Beginning June 1, Hollywood’s newest talent agency, WME Entertainment, will hold a series of meetings to merge its two tenpercenteries Endeavor and William Morris. There’s even a meeting planned at the home of Ari Emanuel, Endeavor’s co-founder, and now WME co-president. But no one inside or outside the agency biz believes this is a merger anymore. Clearly, this was a takeover.
And nothing said that louder than the pre–Memorial Weekend move to oust William Morris CEO Jim Wiatt from WME before it even started.
I’d heard speculation for the past month that Wiatt, who was supposed to take over the merged company’s chairmanship, would be politely eased out. At least two WMA members of the new WME nine-person board — Peter Grosslight and John Fogelman — joined with the Endeavor members to ask Wiatt to jump before he was pushed in exchange for a meaningless title of “Emeritus.”
Wiatt found out when, on May 15, his close pals, entertainment lawyer Skip Brittenham and former Viacom mogul Tom Freston, warned, “You have to resign, or you’re going to be fired.” Wiatt’s first reaction was anger, and then grief. And then it was, “What am I going to get in return?” I’ve heard the figure is around $25 million.
Let me make clear: This is not a mutiny. Rather, it’s a recognition that Wiatt had no place in the new company because of the leadership problems at William Morris that forced the venerable 111-year-old agency to seek out Endeavor in the first place. Nor did it help that Wiatt mishandled the negotiations and aftermath.
Wiatt made an enemy of Grosslight, the head of WMA’s very profitable music department, when the CEO tried to put his crony, William Morris COO Irv Weintraub, on the new WME board instead. So Weintraub — who’s not an agent and has no clients — had to give up the seat for Grosslight in order to make certain the music department members on the board vote to approve the merger.
It didn’t take long for Endeavor to lobby Grosslight to get rid of Wiatt. Now sources tell me Mark Itkin, Willam Morris’ unscripted television chief, who was being wooed by CAA, will go onto the WME board to fill the vacant Wiatt seat. As for Weintraub, without Wiatt to protect him, an attempt is currently under way to push him out of the new William Morris Endeavor as well.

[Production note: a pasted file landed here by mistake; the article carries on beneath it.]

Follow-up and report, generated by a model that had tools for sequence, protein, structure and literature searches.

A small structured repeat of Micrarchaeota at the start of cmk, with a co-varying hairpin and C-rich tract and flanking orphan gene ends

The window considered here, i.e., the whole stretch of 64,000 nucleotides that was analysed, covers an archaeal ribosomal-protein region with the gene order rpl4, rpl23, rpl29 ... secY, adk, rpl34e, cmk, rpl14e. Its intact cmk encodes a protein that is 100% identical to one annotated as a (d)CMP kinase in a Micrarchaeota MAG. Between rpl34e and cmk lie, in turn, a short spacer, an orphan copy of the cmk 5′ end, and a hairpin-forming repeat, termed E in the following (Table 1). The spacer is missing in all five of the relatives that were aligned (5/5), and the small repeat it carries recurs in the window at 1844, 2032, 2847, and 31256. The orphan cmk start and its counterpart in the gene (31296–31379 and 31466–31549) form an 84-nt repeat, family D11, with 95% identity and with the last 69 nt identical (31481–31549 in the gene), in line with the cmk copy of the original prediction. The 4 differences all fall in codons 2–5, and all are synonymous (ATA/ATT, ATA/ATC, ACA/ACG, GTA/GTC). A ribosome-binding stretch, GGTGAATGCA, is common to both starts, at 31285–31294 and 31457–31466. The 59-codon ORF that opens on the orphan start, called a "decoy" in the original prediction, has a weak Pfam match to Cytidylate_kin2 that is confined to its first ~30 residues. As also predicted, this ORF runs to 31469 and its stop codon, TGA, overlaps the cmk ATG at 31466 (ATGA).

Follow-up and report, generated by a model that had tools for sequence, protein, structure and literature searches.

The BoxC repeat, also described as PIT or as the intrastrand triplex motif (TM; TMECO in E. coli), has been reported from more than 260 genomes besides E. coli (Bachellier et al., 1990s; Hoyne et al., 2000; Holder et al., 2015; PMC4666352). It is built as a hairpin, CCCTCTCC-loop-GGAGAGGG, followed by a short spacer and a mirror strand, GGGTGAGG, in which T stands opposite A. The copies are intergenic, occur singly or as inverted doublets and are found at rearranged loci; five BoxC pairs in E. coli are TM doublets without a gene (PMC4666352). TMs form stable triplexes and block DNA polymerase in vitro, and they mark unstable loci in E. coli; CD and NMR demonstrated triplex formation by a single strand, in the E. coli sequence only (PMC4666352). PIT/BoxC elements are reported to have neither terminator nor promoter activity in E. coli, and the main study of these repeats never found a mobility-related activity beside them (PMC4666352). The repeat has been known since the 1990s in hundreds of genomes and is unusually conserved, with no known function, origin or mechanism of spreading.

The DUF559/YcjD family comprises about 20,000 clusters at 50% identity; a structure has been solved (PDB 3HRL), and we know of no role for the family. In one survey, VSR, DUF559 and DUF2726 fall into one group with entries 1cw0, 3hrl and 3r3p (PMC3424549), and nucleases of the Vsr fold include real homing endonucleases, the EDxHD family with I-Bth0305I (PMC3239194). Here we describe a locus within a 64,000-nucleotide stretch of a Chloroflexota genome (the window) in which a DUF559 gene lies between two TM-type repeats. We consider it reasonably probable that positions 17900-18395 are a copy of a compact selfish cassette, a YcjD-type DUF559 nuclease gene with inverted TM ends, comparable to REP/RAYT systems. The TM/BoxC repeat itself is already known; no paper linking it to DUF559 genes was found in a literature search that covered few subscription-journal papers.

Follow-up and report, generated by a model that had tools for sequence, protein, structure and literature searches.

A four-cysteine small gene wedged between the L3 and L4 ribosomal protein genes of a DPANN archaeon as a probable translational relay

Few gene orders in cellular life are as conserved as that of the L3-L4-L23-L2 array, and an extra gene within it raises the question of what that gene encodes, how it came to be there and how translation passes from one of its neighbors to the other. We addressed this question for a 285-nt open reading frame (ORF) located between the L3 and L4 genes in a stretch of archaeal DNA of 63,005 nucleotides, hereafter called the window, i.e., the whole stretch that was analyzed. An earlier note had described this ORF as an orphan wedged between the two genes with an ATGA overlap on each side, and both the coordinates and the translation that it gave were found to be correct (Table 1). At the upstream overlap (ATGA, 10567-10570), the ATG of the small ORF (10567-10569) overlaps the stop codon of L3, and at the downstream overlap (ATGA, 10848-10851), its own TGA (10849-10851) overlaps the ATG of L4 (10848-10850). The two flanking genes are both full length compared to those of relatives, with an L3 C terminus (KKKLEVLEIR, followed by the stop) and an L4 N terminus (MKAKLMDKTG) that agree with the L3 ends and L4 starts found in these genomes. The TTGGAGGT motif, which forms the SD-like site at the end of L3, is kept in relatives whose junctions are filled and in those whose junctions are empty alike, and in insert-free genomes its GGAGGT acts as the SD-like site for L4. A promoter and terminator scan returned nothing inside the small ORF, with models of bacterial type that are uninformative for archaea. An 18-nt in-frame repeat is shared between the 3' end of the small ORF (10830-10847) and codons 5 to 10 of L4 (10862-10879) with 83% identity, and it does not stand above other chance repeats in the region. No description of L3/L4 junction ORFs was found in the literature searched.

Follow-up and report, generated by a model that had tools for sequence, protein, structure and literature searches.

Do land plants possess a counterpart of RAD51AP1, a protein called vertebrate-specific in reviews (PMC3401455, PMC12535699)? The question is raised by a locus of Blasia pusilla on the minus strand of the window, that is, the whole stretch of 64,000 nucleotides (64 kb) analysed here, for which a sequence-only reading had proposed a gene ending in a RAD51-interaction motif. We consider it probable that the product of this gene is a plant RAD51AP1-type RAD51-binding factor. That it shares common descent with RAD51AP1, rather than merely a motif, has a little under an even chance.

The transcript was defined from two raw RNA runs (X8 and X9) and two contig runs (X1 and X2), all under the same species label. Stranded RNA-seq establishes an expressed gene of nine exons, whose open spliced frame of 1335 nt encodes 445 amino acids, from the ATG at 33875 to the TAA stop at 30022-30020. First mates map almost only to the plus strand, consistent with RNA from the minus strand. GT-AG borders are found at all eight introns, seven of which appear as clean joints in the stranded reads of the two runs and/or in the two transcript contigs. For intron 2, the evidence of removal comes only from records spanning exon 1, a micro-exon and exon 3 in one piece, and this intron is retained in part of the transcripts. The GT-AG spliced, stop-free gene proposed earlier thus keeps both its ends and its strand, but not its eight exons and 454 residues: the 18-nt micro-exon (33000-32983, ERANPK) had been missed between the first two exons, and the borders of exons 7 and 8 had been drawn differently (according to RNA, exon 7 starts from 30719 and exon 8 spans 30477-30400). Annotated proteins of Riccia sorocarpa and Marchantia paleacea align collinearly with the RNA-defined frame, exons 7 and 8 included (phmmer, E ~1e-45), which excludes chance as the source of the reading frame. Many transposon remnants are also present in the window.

Wiatt’s imminent exit was a shock to Hollywood, especially because he came into the venerable William Morris Agency with such fanfare. Yes, there really was a William Morris who in 1898 stopped selling ads for a garment-industry trade newspaper and started selling talent. But Morris’ greatest strength as an institution — its enduring constancy in the face of flux — would become the agency’s greatest weakness.
Close-knit to a fault, the elders who long ran the agency with one eye on the dotted line and the other on the bottom line viewed agenting not as a career but a religion. For young agents, the feeling you were almost working for your parents was at times odd, even humorous, and stood in contrast to the cruel realities of show biz. It was assumed that the Morris elders would be carried out the door feet first.
Wiatt was brought in to shake up all that. With a father in the schmate business, Wiatt was a Beverly Hills High brat who loved politics. Wiatt rose at ICM to co-chairman because he could massage egos, put out fires, translate boss Jeff Berg’s “vision” into everyday concepts and, most importantly, get Sam Cohn on the telephone.
But, for years, Wiatt had lived the high life (literally) and, after two divorces and a third marriage, found himself deeply in debt to ICM.